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Though schools have only partial control over student borrowing, the nation’s highly endowed private colleges have made substantial progress on reducing student debt for low-and moderate-income students.
The COVID-19 crisis creates a unique opportunity for policymakers to strengthen their states’ grant programs.
As currently structured, income-driven repayment plans have some serious shortcomings.
Forgiving federal loans made to parents who have no chance of being able to repay them would relieve pressure on thousands of low-income households.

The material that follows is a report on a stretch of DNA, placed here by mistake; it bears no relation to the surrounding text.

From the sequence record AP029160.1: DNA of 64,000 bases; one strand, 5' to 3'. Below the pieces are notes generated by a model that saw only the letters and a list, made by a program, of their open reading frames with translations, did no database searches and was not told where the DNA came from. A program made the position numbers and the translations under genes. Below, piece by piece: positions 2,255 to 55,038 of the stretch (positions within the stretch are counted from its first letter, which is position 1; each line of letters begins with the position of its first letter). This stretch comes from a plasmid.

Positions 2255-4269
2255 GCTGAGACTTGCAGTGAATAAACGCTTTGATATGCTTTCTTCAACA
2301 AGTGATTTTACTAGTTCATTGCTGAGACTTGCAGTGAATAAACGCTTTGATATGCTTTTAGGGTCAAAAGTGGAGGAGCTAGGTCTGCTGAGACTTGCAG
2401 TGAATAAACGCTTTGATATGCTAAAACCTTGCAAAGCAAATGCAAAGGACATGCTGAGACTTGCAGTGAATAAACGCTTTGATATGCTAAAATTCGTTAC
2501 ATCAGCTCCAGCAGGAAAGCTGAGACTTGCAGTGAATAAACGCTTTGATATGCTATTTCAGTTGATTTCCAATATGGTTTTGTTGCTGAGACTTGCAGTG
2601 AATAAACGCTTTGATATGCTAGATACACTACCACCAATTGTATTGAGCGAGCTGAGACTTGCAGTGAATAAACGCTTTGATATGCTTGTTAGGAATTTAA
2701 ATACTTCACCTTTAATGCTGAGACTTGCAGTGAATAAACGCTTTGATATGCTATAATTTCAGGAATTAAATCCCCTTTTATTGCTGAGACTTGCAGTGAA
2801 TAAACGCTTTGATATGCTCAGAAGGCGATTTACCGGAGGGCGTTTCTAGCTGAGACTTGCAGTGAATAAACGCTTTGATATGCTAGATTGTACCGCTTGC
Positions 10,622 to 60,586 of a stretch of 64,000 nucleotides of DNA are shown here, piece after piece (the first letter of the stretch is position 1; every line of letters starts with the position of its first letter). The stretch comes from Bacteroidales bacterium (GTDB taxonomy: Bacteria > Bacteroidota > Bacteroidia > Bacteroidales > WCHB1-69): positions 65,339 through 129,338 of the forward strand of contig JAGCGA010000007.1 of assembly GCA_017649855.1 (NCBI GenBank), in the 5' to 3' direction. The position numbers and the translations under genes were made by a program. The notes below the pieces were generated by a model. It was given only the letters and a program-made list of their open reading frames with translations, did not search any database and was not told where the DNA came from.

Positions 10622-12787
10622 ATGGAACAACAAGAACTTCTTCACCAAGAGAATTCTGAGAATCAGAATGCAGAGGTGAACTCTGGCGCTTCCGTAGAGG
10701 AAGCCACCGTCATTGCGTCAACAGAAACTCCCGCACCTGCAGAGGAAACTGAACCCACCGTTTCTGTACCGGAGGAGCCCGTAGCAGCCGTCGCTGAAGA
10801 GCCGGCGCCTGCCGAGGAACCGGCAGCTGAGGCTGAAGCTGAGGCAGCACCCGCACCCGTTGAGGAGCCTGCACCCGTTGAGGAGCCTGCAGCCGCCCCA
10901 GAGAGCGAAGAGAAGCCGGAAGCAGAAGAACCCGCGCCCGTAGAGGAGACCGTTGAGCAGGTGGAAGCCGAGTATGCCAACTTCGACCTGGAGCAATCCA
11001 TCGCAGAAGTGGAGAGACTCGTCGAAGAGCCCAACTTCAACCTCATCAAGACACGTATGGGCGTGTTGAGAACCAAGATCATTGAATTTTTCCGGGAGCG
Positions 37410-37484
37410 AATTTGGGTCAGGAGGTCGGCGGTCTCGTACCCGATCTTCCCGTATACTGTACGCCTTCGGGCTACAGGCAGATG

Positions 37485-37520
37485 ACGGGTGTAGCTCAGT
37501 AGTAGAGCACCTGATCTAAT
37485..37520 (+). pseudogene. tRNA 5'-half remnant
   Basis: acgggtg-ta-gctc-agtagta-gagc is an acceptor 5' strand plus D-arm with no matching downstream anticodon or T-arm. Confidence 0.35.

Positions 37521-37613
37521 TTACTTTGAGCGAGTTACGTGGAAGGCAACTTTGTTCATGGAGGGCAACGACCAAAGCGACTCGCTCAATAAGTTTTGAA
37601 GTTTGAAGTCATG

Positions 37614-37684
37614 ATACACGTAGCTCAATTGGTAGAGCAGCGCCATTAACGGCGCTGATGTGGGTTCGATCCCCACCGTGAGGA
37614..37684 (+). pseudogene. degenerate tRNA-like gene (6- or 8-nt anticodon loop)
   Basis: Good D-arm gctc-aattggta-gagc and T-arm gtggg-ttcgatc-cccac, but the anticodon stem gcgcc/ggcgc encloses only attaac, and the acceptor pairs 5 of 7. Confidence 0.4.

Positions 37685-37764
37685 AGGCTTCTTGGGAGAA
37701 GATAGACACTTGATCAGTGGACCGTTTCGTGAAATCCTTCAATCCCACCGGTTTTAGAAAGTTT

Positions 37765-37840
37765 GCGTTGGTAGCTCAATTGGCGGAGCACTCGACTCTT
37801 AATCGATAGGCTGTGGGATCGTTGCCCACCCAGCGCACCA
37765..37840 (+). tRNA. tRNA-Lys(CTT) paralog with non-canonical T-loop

Expanding Pell grants is a promising route to preparing more low-income workers for remunerative and satisfying careers.
Students graduating from college stand in front of an American flag
Cancelling student debt has no immediate impact on the national debt, but will gradually increase the national debt in the long-term.
Protester holds a sign that reads, "we need relief now!"
It is difficult to justify picking student loans as the most problematic form of debt.
College graduation cap reads "I am in so much debt please help"
Focusing assistance on those who have been particularly affected by the pandemic could help buy time to implement a permanent solution.
By helping students pay their tuition next year, the federal government can help make sure more of them are able to make the investment on which their futures depend.
It’s easy to wonder why anyone has to pay tuition, given the size of some college endowments.

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